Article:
Micronutrient deficiency often goes unnoticed due to its overlapping symptoms with other disorders.
If you are suffering from chronic anxiety, sleep disorder or constipation you might be showing signs of magnesium deficiency.
An indispensable mineral, magnesium is a part of almost 300 enzymatic processes. A healthy adult’s normal level ranges between 1.7 to 2.2 mg/dL. Levels below 9 mmol/l may result in disrupted sleep, poor bowel movements, migraine attacks and elevated blood pressure.
Let us understand what causes this deficiency, the mode & the best time to take magnesium and drug interactions to ensure optimal absorption.
When can you develop Magnesium deficiency?
- Poor diet- Anorexia and a diet devoid of magnesium-rich fruits like guava, papaya, and lettuce.
- Poor absorption- There can be malabsorption if you suffer from steatorrhea, IBS, diarrhea or coeliac disease.
- Disorders of the parathyroid gland- PTH and magnesium maintain calcium levels in the blood, hyperparathyroidism may lead to reduced serum magnesium.
- Alcohol abuse- It prevents the absorption of magnesium.
- Medications – Certain drugs like PPIs, antibiotics and diuretics alter the absorption of magnesium.
When are you diagnosed to have hypomagnesemia?
Diagnosing magnesium deficiency can be quite tricky. The most reliable test to measure magnesium retention is via an intravenous (IV) magnesium load followed by 24-hour urine collection.
In patients with impaired kidney function, this test is not so reliable. A level of under 0.9 mmol/l is considered hypomagnesaemia by BMJ Best Practice.
What are the signs of hypomagnesemia?
Since magnesium is a crucial component of almost all metabolic processes, low levels of magnesium can lead to multisystem disorders. Let’s get an overview of signs that could indicate low magnesium levels.
Neuromuscular signs: Weakness, tremors, paresthesia and tetany are common symptoms. At levels below .4mmol/l, it can even cause seizures, drowsiness, confusion and coma.
Cardiovascular signs: ECG changes and arrhythmias are noted
Metabolic: Hypokalaemia, hypocalcaemia, and metabolic acidosis are found.
Long-term effects: Severe magnesium deficiency is a rare occurrence. The commonly observed signs are due to long-term insufficiency. Uncontrolled diabetes, metabolic syndrome, high pressure, clogging of arteries, asthma, migraines, pre-eclampsia and cardiovascular diseases.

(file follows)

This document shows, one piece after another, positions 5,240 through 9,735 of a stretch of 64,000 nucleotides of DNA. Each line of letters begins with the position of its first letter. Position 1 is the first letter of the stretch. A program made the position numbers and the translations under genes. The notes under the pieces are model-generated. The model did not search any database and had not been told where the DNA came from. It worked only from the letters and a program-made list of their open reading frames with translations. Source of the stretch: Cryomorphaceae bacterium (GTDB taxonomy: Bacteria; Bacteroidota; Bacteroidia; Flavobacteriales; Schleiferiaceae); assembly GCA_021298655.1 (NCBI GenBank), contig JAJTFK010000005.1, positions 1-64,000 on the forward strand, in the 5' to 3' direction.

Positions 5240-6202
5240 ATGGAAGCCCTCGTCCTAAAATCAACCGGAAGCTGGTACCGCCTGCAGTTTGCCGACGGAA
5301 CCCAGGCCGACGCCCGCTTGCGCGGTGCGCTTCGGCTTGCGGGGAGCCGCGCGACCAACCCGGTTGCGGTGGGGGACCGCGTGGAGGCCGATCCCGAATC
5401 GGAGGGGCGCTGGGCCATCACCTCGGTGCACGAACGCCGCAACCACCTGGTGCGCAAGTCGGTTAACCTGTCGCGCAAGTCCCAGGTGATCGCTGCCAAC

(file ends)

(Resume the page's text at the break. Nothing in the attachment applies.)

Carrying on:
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How Magnesium promotes better health?
Sleep– It has been called Nature’s Valium and has been proven to improve subjective measures of sleep such as total sleep time and sleep latency. If you are suffering from insomnia, the best time to take magnesium supplements for sleep is an hour or two before bed.
Anxiety– Magnesium relaxes the hypothalamus(part of the brain responsible for secreting stress hormones) thereby reducing anxiety. The best time to take magnesium for anxiety is in the morning and at bedtime in two divided doses.
Blood pressure– Magnesium relaxes the vascular system and lowers blood pressure. A meta-analysis of prospective cohort studies revealed that magnesium intake and levels are negatively related to blood pressure.
Metabolic Syndrome– Magnesium supplements have been shown to decrease insulin resistance in several double-blind studies and improved a number of cardiovascular risk factors, including fasting glucose, high-density lipoprotein (HDL)- and LDL-cholesterol, triglycerides and diastolic BP.
Constipation– Magnesium is an osmotic laxative. Magnesium supplement works by drawing water into your intestine and making stool easier to pass. The best time to take magnesium for constipation is in the morning.
When to have Magnesium Supplements?
Magnesium supplements can be taken at any time without worry. However, it is best to maintain a consistent time for taking them.
In case of recurrent GI problems, consumption of supplements with food might reduce the symptoms. However, you need to be aware of certain factors.
Phytic acid, usually found in legumes acts as an anti-nutrient since it causes mineral binding in the intestines forming complexes with calcium, magnesium, iron and zinc.
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- Minerals: A higher intake of other minerals could compromise magnesium absorption.
- Antibiotics: If you are taking antibiotics from the quinolone or tetracycline families, magnesium supplements should be taken 1 hour before or 2 hours after the antibiotics
- Calcium Channel blockers: If combined with magnesium supplements can exacerbate adverse effects like dizziness and nausea.
- Bisphosphonates: If you are taking bisphosphonates, make sure you take magnesium at least 2 hours before or after the pills.
In some cases, magnesium supplements may cause adverse effects like
- Abdominal cramps
- Those with Kidney issues should avoid magnesium supplements due to high absorption and poor renal clearance
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While rarely deficient in macros, our diets often lack certain micronutrients. Their deficiency can lead to quite serious conditions if not addressed.
Magnesium is a true workhorse of our body, involved in several systems and reactions. So it is essential to supplement it if we are unable to get adequate amounts through diet.
Daily recommended dose of magnesium
The daily dose is 310–420 mg daily for adults.
How long does it take for magnesium to work?
Magnesium supplements take 30mins to 3 hrs to take effect, varying among individuals.
What is the best form to have magnesium supplements?
Research has shown that magnesium citrate form had 65% absorption(Lingberg et al) while oxides had a lower absorption ratio.
Citrates, taurates, ascorbates, lactates, chlorides, and picolinates all seem to have a nearby range of bioavailability.